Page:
-Tanya Mary, I Year B.A. English
The recent strikes by transport workers’ unions left many students stranded without any transport facility. Although the news about the strike was announced on TV the day before, many people were left unaware and bewildered by this sudden change. Many students were seen crowding the bus depots, with no money to pay for alternative means. Private taxi services like Ola and Uber came to the rescue of some students, while many of them had to return home by finding their own mode of transport. It became a big hassle for the daily commuters. People had to turn towards other modes of transport like trains, private transport, etc. resulting in overcrowded vehicles, and this hassle lasted for over a week.
The solution that the government came up with was to increase the fares, and so, they were increased by around 100% in some routes i.e. a Rs.7 ticket costed Rs.14, a Rs.13 ticket costed Rs.25 etc. In other words, a person boarding the digital board 29C bus from Perambur to Stella Maris College or Adyar to Stella Maris College would have to cough up a sum of Rs.100 for a round trip in order to travel for 2 days. Public transport is meant to be cheap and affordable, even for the people in the lower sectors of the society. The lower middle class people and daily wage laborers were badly affected due to this price hike.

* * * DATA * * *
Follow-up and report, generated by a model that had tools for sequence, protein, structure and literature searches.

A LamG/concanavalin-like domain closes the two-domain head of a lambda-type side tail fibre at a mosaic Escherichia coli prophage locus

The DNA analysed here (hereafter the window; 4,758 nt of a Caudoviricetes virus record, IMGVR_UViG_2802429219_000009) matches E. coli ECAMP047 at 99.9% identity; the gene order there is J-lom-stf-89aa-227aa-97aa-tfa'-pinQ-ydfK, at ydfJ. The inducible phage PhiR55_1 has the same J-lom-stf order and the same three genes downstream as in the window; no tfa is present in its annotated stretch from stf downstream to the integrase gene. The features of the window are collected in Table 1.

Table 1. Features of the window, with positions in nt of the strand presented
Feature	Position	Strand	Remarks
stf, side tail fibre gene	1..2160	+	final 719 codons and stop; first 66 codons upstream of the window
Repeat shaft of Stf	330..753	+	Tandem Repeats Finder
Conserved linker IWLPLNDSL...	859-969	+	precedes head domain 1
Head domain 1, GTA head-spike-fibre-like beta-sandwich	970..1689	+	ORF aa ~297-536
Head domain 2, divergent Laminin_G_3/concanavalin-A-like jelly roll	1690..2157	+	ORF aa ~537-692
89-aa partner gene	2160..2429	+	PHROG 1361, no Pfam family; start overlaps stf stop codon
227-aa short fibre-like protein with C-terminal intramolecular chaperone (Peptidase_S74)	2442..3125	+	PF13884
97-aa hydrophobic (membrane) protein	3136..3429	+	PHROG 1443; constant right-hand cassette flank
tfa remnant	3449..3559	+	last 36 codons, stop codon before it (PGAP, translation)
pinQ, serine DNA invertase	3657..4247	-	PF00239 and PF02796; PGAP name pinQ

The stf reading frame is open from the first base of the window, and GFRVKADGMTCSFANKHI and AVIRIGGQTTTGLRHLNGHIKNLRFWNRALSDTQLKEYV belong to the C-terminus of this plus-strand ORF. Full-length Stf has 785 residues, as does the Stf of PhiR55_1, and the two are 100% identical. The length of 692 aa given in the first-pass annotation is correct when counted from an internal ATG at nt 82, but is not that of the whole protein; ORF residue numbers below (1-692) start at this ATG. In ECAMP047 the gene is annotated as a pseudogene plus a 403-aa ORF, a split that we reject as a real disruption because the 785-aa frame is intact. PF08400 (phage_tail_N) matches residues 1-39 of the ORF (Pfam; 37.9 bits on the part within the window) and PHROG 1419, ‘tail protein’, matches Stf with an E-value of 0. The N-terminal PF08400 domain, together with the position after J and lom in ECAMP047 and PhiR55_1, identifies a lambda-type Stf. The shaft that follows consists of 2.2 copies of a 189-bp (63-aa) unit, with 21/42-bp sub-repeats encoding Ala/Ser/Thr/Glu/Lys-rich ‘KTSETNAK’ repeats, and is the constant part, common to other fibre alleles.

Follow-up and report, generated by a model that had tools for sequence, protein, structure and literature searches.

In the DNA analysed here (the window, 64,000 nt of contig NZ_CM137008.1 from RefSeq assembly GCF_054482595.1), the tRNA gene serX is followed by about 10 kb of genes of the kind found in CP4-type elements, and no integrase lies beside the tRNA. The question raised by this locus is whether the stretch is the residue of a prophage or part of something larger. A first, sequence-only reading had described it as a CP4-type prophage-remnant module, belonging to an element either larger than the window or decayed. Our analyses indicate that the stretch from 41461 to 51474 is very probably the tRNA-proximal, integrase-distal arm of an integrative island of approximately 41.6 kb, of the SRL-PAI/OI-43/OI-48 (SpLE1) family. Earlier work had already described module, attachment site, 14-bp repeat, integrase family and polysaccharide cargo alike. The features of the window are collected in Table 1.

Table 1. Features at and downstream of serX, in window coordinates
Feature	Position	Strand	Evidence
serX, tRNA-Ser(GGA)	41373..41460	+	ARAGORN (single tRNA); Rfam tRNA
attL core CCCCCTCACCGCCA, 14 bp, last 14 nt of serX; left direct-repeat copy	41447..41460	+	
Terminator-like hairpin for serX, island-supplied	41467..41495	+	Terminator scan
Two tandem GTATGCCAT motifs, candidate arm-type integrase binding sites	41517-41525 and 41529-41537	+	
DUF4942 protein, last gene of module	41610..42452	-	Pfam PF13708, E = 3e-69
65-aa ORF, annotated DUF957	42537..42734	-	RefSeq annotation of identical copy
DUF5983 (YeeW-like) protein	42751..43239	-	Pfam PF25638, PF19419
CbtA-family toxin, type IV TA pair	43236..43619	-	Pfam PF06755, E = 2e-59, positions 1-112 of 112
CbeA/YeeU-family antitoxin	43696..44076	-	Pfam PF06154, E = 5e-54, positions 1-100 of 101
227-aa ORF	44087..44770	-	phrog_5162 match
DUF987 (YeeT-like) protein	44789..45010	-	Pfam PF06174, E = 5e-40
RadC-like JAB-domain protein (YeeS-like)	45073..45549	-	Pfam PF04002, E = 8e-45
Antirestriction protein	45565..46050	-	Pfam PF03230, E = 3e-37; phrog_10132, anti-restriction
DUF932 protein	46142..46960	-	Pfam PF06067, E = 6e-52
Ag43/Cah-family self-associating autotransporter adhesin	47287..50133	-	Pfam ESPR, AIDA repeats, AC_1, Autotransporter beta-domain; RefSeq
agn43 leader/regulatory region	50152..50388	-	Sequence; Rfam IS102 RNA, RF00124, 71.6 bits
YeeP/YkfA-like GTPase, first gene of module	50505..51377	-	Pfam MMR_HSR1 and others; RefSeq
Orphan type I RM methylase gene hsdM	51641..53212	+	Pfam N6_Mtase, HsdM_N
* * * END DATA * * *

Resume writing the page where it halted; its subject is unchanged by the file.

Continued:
After many protests and campaigns by students and some political parties, the price was reduced by a mere Rs.2 in some routes. “Why do we have to suffer for the government’s fault? If public transport is so expensive, how do they expect us to move from one place to another?” laments Kasthuri, a daily wage laborer who travels daily from Kilpauk to Adyar.
“We haven’t been getting our bonuses for over a year. The MTC itself was running at a loss of crores of rupees because of the rising diesel rates and low fare. We have families who depend on us, as well. There’s no other way. The prices have been increased after 6 years. The sad thing is, after the price hike, many people have been caught travelling without tickets. What else can we do about it?” asks a bus conductor.
“Raising the price by Rs.2 or Rs.3, or even Rs.5, is okay. But why did they raise it by Rs.15? It’s unacceptable and illogical!” says a student who travels to college daily by bus.
Now, after 2 weeks, people have started accepting the price hike and the situation is returning to normal. The government has to come up with an alternative solution.